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Probability is a number between 0 and 1, inclusive at both ends.

Mike Anderson

(1) Probabilities that small, and losses that big, are usually represented on a log scale. I suspect this is the case here.

(2) What's amusing is that only 3 or 4 of these events can be assigned anything close to an "objective" probability at all. There's a geological record for supervolcanoes and meteorite impacts; the Spanish flu was the last major epidemic; climate change is still very noisy, and the rest are one-of-a-kind events with subjective probabilities. I'd rate "meteorite impact" higher, with Apophis coming by in 2029 (http://www.popularmechanics.com/science/air_space/4201569.html?page=1)


...pretty sure that's a joke chart...


"Climate change is still very noisy".

When was the last time you checked Wikipedia on that? (Wikipedia: Global Warming.)

Mike Anderson


I neither dine at used-car lots, nor cite Wikipedia as an authoritative reference. If I did, I'd note that every fitted curve they plot has noisy data wandering all about it -- this can make the error interval for forecasts huge. And the farther you forecast, the larger the interval. No one doubts the trend, but I suspect the prediction interval for climate catastrophe spans several orders of magnitude--much like the one for meteorite impact. The reassuring thing--to scientists--about climate research is that we keep extending the historic (and prehistoric) record, so our forecasts can improve. Of course, after the giant meteorite hits, all the climate models have to be recalibrated....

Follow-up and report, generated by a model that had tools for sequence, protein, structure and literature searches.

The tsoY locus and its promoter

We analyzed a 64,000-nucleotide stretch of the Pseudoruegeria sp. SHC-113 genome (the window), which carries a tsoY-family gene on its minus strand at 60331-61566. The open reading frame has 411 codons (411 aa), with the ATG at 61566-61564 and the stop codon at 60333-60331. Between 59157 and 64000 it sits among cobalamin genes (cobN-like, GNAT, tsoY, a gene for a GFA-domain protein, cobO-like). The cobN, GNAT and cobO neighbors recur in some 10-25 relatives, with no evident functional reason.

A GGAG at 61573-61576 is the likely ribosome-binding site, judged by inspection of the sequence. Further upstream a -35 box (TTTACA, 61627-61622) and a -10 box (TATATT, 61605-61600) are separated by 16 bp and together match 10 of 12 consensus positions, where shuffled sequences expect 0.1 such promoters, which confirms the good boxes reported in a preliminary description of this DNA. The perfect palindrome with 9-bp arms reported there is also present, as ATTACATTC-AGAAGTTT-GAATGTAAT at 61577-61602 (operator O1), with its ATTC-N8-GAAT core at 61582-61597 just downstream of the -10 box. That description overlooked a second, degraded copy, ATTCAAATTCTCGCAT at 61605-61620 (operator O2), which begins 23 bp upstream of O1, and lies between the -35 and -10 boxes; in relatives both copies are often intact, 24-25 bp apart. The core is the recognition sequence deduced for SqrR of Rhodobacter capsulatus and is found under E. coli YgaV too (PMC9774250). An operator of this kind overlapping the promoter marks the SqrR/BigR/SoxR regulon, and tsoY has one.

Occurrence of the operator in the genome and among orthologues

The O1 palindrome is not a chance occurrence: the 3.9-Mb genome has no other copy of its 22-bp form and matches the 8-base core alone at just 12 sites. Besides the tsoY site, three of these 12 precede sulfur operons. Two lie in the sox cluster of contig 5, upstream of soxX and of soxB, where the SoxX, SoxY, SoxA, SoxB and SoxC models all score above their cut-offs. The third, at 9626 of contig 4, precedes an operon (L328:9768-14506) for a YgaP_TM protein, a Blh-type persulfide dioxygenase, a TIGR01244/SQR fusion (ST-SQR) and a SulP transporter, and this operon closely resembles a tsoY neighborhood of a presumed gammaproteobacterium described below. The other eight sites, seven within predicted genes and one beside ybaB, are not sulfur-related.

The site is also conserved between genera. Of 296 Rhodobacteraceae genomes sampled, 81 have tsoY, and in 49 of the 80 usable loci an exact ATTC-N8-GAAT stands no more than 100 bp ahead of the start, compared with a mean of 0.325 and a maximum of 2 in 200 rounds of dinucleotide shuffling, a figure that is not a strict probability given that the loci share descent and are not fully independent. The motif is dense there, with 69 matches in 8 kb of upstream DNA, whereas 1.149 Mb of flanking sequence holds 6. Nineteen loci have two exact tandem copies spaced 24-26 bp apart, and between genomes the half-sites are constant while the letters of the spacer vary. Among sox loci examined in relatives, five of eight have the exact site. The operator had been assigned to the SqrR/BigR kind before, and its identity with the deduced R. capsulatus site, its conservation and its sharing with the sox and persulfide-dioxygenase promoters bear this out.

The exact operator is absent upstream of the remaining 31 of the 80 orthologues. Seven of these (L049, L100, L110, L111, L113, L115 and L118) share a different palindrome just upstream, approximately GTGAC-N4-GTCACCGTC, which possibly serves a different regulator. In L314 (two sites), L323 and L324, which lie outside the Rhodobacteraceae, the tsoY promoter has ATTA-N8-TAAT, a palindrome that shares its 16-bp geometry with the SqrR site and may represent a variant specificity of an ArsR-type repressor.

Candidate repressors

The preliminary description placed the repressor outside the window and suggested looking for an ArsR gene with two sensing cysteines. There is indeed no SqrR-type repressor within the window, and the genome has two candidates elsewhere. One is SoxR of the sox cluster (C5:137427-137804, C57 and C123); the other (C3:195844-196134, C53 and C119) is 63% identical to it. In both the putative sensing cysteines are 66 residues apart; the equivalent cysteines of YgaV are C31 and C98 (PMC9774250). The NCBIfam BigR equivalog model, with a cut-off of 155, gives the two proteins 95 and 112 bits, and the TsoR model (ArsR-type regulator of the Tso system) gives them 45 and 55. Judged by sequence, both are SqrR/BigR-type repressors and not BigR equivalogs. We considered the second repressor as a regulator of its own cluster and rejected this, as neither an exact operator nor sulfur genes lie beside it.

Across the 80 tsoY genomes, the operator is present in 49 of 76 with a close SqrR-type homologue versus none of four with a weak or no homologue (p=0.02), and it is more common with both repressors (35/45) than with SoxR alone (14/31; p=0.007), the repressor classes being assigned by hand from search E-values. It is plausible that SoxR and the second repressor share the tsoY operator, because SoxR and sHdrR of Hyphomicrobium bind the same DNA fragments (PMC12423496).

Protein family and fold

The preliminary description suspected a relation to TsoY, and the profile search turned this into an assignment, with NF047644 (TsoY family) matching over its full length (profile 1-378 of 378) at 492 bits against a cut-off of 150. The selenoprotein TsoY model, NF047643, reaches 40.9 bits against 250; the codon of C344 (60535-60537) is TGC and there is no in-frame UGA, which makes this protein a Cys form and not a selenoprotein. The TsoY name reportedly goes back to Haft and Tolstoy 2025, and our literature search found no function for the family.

Rosie Redfield

Telomere erosion? Mine are eroding as I type (and yours as you read).

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